The food system: Crisis in slow motion

30th May 2013


By Sarah Marshall


Food is gaining increased attention these days; more people are looking into local and organic options, joining CSAs (Community Supported Agriculture), and shopping at farmers markets.


This basic necessity of life that defines the plight of all creatures has changed dramatically in the last century, and is at risk for major losses in the foreseeable future.


Climate change has already affected crop production around the world, with droughts, unexpected freezes, and altered rainfall patterns. This past Fall, apples did not fruit in the northern US State of Michigan due to a early blossoms and late spring freezes. As apples are the state’s largest fruit crop, the ninety percent smaller yield dealt a major blow to the local economy.


This phenomenon is being seen more and more; unusual weather leading to widespread crop failure. Farmers with contracts to produce certain amounts of specific crops have the potential to go under. Agriculture comes with an inherent and necessary risk in order to feed the world, but these risks are changing with the onslaught of climate change.


Tampering with ecosystems and pumping an overabundance of carbon into the atmosphere has lead to an unstable food system. In fact, the world just reached a carbon landmark, reaching 400ppm (parts per million); yet some scientists have claimed that 350ppm is the safe upper limit. Increased carbon also affects pH in the oceans and in soil, the basis for healthy crops.


An infographic published by The Guardian reveals how the food crisis will manifest itself in the coming decades. Using research from the Met Office and the UN’s Food and Agriculture Organization (FAO), the study concludes that Africa will be the worst hit by climate change, with Egypt losing fifteen percent of its wheat crop if temperatures exceed 2˚C.


West Africa may be able to grow more food but will have to grapple with prices doubling because of population increase.


The Middle East is expected to see significant decreases in wheat, rice, and corn yields, and forest fires are expected to increase up to forty percent in the region including Europe.


By 2030, China’s basic food supplies will be insufficient to feed its population, while Australia can anticipate more draughts.


California’s crops shall see major yield reduction in staples including rice, cotton, wheat, tomato, and maize while Latin America can expect to be seriously affected by warming and extreme weather events.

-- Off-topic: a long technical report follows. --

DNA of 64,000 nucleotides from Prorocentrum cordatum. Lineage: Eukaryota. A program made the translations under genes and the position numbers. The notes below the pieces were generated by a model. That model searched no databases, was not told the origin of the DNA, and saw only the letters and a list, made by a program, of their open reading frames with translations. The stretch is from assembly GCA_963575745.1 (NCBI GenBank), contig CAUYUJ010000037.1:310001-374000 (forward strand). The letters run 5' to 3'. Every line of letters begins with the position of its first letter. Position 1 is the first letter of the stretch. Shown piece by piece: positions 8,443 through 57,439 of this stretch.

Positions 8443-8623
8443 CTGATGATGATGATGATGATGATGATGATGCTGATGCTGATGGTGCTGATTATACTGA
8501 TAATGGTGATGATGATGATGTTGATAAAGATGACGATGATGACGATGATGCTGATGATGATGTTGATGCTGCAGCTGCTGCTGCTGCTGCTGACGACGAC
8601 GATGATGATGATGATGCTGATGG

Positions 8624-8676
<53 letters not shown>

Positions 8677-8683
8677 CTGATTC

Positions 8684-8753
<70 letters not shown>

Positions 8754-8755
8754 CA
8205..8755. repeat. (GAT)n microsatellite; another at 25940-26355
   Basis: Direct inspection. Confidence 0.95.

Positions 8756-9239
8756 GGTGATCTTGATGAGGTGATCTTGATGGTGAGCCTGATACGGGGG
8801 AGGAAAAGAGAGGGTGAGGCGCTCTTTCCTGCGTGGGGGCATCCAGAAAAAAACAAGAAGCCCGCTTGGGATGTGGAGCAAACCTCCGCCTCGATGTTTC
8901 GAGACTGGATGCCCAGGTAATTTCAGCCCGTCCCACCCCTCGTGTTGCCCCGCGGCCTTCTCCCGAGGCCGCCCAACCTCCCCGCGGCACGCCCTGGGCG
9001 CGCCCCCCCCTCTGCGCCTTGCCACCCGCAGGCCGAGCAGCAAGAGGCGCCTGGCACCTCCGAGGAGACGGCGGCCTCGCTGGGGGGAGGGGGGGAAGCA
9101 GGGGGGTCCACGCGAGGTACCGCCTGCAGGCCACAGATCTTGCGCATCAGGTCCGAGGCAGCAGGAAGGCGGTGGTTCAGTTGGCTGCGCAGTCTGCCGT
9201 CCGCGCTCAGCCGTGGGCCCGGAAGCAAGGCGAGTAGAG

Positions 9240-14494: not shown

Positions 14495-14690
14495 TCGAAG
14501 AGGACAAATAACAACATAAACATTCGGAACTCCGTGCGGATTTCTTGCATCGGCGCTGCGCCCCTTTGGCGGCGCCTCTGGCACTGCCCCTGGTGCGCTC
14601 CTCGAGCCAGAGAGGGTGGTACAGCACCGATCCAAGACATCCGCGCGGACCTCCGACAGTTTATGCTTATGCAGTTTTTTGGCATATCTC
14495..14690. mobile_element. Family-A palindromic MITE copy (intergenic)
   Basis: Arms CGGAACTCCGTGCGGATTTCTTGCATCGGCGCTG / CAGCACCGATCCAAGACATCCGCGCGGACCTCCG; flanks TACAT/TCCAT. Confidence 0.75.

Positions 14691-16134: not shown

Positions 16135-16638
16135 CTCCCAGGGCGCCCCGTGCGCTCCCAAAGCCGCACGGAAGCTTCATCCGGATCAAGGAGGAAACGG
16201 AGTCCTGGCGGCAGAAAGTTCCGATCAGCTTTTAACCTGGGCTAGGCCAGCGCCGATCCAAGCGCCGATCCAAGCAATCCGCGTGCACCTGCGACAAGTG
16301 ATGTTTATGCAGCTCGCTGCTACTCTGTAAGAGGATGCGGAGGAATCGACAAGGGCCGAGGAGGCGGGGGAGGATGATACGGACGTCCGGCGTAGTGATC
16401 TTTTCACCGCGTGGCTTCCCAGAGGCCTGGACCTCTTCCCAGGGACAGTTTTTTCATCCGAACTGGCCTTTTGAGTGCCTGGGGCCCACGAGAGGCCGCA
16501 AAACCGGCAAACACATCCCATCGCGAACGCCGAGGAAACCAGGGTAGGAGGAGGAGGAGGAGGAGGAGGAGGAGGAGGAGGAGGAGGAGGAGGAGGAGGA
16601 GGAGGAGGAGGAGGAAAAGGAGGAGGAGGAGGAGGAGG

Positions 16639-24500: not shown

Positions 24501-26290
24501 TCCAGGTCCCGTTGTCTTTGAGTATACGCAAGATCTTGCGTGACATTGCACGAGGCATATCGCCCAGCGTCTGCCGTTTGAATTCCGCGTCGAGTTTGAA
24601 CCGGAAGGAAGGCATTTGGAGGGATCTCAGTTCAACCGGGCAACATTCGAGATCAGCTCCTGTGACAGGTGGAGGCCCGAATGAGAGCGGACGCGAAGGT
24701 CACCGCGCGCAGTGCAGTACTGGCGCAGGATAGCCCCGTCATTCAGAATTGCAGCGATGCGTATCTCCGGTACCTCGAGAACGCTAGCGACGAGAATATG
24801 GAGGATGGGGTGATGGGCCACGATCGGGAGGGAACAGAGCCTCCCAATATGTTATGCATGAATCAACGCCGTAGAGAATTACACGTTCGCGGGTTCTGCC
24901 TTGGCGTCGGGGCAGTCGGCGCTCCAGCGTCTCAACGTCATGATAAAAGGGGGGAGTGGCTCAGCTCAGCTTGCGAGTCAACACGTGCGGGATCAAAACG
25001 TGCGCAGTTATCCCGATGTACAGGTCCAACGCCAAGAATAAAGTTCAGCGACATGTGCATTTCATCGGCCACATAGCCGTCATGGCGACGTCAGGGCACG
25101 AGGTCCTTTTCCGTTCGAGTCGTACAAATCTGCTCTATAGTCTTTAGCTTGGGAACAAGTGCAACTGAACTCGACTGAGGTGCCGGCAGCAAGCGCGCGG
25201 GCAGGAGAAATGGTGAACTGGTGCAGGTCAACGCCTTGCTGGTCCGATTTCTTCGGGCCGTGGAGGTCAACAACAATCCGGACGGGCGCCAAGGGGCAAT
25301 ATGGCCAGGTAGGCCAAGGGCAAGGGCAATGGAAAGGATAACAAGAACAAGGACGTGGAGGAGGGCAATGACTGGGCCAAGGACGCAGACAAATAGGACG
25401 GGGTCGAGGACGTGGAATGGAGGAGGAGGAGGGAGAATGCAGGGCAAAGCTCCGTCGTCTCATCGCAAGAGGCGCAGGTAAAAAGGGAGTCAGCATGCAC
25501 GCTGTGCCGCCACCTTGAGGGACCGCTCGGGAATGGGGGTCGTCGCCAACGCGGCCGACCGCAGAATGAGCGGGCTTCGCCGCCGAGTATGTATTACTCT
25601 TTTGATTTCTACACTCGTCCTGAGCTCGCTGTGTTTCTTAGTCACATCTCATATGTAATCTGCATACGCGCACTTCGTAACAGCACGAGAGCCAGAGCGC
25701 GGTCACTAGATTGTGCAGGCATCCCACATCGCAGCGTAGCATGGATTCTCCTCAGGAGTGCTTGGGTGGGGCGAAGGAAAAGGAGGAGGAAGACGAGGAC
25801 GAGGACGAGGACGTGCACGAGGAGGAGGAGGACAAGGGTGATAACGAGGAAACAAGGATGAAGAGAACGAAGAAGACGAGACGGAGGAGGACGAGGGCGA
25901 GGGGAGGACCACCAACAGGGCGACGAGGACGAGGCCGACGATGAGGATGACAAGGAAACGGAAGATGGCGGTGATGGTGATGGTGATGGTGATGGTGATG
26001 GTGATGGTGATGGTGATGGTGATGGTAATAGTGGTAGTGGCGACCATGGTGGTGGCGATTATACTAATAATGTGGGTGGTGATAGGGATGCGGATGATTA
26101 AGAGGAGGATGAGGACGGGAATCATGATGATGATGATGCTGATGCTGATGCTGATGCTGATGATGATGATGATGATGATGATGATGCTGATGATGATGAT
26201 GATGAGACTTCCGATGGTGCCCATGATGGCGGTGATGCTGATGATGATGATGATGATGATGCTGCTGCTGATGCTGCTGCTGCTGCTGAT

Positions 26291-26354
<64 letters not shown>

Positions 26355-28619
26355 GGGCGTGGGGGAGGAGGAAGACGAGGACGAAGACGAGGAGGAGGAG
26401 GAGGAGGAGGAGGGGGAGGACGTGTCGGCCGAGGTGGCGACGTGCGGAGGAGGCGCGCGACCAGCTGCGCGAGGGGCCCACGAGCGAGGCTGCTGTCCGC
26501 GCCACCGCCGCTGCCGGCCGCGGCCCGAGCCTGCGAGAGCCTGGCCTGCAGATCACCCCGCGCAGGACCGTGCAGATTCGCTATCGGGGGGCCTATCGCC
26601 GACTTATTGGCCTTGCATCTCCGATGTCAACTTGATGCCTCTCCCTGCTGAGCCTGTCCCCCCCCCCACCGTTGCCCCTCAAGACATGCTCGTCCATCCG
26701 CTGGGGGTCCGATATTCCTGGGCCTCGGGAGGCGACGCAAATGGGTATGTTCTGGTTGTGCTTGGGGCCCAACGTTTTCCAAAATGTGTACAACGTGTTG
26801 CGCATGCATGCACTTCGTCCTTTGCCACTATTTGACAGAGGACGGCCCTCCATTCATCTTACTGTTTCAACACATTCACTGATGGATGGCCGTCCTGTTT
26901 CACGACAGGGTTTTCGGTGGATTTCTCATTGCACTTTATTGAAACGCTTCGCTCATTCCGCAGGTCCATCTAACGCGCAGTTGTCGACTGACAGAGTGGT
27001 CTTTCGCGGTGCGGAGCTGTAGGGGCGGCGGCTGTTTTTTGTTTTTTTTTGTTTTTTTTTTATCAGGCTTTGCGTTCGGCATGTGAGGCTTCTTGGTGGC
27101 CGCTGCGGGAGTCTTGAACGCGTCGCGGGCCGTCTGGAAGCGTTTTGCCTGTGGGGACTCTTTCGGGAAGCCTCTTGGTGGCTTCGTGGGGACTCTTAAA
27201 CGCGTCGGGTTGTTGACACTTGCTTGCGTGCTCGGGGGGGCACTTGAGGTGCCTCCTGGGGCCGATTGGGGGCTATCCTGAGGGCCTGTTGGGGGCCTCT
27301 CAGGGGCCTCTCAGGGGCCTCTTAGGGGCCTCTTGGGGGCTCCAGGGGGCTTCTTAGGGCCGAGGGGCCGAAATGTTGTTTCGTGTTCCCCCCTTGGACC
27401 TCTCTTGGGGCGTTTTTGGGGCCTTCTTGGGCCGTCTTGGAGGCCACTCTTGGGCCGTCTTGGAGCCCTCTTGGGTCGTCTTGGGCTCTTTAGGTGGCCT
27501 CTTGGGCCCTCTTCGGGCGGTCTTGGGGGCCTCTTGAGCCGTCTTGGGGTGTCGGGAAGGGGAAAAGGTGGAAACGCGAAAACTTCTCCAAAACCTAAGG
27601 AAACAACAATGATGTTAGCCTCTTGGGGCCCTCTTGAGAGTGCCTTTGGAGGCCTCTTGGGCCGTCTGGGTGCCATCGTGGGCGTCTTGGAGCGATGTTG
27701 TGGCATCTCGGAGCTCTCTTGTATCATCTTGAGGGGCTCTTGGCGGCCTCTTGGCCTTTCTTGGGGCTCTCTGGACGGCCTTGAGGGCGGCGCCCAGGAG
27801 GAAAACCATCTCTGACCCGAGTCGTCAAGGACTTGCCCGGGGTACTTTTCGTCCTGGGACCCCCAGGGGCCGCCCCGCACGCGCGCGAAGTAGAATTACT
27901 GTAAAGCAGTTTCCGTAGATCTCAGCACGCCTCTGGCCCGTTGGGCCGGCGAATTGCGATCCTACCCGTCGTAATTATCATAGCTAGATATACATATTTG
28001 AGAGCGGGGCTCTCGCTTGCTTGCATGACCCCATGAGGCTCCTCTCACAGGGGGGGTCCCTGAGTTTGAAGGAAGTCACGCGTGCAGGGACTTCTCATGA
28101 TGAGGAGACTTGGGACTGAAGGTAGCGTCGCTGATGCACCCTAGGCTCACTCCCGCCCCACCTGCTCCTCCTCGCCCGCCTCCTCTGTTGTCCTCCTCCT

Though the numbers look grim, some crops will be able to grow in different areas, moving north as areas near the equator get too hot. Northern Ireland and Scotland may, in fact, see increased crop production with the onset of climate change. Many people are starting to act now in response to the crisis, instead of waiting for things to get worse.


Many are learning to grow their own food, reconnecting with where it comes from. Local food outlets allow people to understand the importance of seasonal variety as well as the impact of less fuel is being used to transport it.


Meat consumption is another major factor when it comes to carbon dioxide emissions, exceeding even transportation. Raising animals for food is an immensely energy-intensive process, and with the increased “efficiency,” many animals are inhumanely treated and injected with hormones and chemicals that the consumer eventually ingests.


The future of food lies in the hands of big agricultural operations, seed companies, government, and the consumer.


On May 13, Monsanto, a major seed producer that specialises in genetically modified seed varieties, won a Supreme Court case against an Indiana farmer who engaged in “patent infringement” by re-planting Roundup Ready soybeans without buying them from Monsanto. As part of the company’s standard agreement, farmers are not permitted to save harvest and replant it the next year. This case, in particular, may set precedent for future agricultural legislation.


There are a lot of options that consumers can take regarding their food. Personal choice affects market demand, and demanding in-season local food, opting out of meat a few days out of the week, and learning to grow food crops even on a small scale will contribute to the necessary transformation of the food system.


Learn more about where your food comes from by checking labels, asking your grocer, and meeting farmers. We cannot lose sight of the fact that it is the adaptable who survive.


Sarah Marshall, B.S. Environmental Policy



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